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Twitter, Instagram, Uber: Small Ideas Gaining Value Through Network Effects

Small Ideas + Network Effects  = Huge Value

How can one use Twitter? To type up to 140 characters. What about Instagram? To display pictures. WhatsApp? To send messages. And Uber? To get rides.

By illustrating the relatively simple purposes of today’s popular applications, and by analyzing the common misconception that people have in thinking that the ideas are all that matter when judging a company’s worth, Sangeet Choudary is able to present his argument: Most platforms look like stupid ideas when they don’t have any users.

Choudary argues that people who complain when simple apps (like WhatsApp) get bought are just completely missing the point. The point is not that the platform is simple, but rather that “the value of the platform is created by the interactions on top of the platform” and the rate at which the value is created on the platform is what’s truly important. For example, Choudary highlights how “Airbnb is valuable when when it powers a liquid marketplace, with millions of transactions” and “Twitter is valuable when tweets are created, retweeted, and responded to.”

“We’re in the Business of Enabling Interactions!”

Movement on a Network

The platforms mentioned previously (Twitter, Uber, WhatsApp) can be thought of as networks of transfer. In some way, every platform is responsible for the transfer of something from the source to the destination. Choudary’s examples include how Twitter transfers tweets from tweet creators to tweet readers and Uber transfers a cab request from a traveler to a cabbie. Routing, a concept from network theory, is the process of selecting the best path on a network. 

This leads to what we discussed in class and what is touched on in the course textbook, which is that of the tie strengths of social networks, such as Twitter, and the impact that those ties have on the paths in the network. As the class textbook states, “Twitter also includes social-network features, and these enable one to distinguish between stronger and weaker ties: each user can specify a set of other users whose messages he or she will follow, and each user can also direct messages specifically to another user.” Strong ties on social networks, specifically on Twitter, require the “continuous investment of time and effort to maintain,” which is why there is a scarcity of them.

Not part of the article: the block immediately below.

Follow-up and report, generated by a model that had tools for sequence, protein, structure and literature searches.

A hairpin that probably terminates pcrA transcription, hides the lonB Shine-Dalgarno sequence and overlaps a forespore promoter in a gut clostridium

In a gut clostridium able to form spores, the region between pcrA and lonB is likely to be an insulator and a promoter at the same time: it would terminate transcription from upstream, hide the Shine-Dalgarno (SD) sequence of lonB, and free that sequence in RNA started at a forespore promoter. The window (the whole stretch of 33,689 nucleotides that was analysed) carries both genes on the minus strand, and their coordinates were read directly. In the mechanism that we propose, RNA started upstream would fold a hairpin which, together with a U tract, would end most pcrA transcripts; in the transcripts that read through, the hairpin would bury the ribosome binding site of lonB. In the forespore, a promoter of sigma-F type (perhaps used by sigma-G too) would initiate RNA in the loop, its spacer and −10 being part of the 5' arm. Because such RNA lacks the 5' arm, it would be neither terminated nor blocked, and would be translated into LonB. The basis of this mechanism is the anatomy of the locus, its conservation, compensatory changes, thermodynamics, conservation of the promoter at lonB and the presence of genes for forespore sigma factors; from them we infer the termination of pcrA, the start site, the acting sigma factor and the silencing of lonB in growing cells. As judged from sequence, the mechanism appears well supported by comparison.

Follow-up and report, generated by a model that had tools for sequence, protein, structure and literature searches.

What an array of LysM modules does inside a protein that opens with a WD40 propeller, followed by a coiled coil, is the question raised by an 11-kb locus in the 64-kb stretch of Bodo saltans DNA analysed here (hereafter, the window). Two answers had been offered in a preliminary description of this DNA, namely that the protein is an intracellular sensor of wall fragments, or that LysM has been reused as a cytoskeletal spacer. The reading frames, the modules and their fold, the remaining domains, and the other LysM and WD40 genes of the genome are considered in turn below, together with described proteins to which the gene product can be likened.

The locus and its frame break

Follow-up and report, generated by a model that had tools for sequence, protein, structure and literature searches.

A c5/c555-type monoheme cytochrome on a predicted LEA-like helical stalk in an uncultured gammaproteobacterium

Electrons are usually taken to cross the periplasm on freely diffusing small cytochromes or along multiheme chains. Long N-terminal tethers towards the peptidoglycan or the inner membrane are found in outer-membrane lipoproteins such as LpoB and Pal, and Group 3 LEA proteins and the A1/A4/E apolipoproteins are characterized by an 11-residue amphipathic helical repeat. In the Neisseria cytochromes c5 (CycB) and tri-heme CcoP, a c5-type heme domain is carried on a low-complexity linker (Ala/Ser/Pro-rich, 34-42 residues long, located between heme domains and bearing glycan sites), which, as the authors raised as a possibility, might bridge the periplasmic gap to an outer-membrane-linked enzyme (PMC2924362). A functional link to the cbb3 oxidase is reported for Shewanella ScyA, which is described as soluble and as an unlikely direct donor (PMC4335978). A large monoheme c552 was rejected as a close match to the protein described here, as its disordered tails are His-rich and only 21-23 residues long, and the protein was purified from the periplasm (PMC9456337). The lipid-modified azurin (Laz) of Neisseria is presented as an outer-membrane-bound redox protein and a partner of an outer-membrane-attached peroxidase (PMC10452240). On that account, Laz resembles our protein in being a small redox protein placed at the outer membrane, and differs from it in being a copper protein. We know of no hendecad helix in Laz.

This relates back to Choudary’s article because platforms with new ideas have to think about how to create more strong ties in the system in order to rapidly create and expand the network. For platforms to grow in value, they have to simplify the process of obtaining strong ties from a user’s perspective, which could be done by ensuring that the product delivers greater value when users share content with others, and also by just simplifying the creation process. 

What’s Next?

As this Wired article states, “social products that win will focus on enabling users to create content first and generate conversations around it. The creation of the actual social network will be a final step, as a consequence.” Future platforms will be able to gain traction and expand their network by removing the barriers to the creation of content, growing the creator base, having solid curation models, and offering incentives.

The future is exciting – who knows which “simple idea” will enable enough interactions in a network to become the next big thing!


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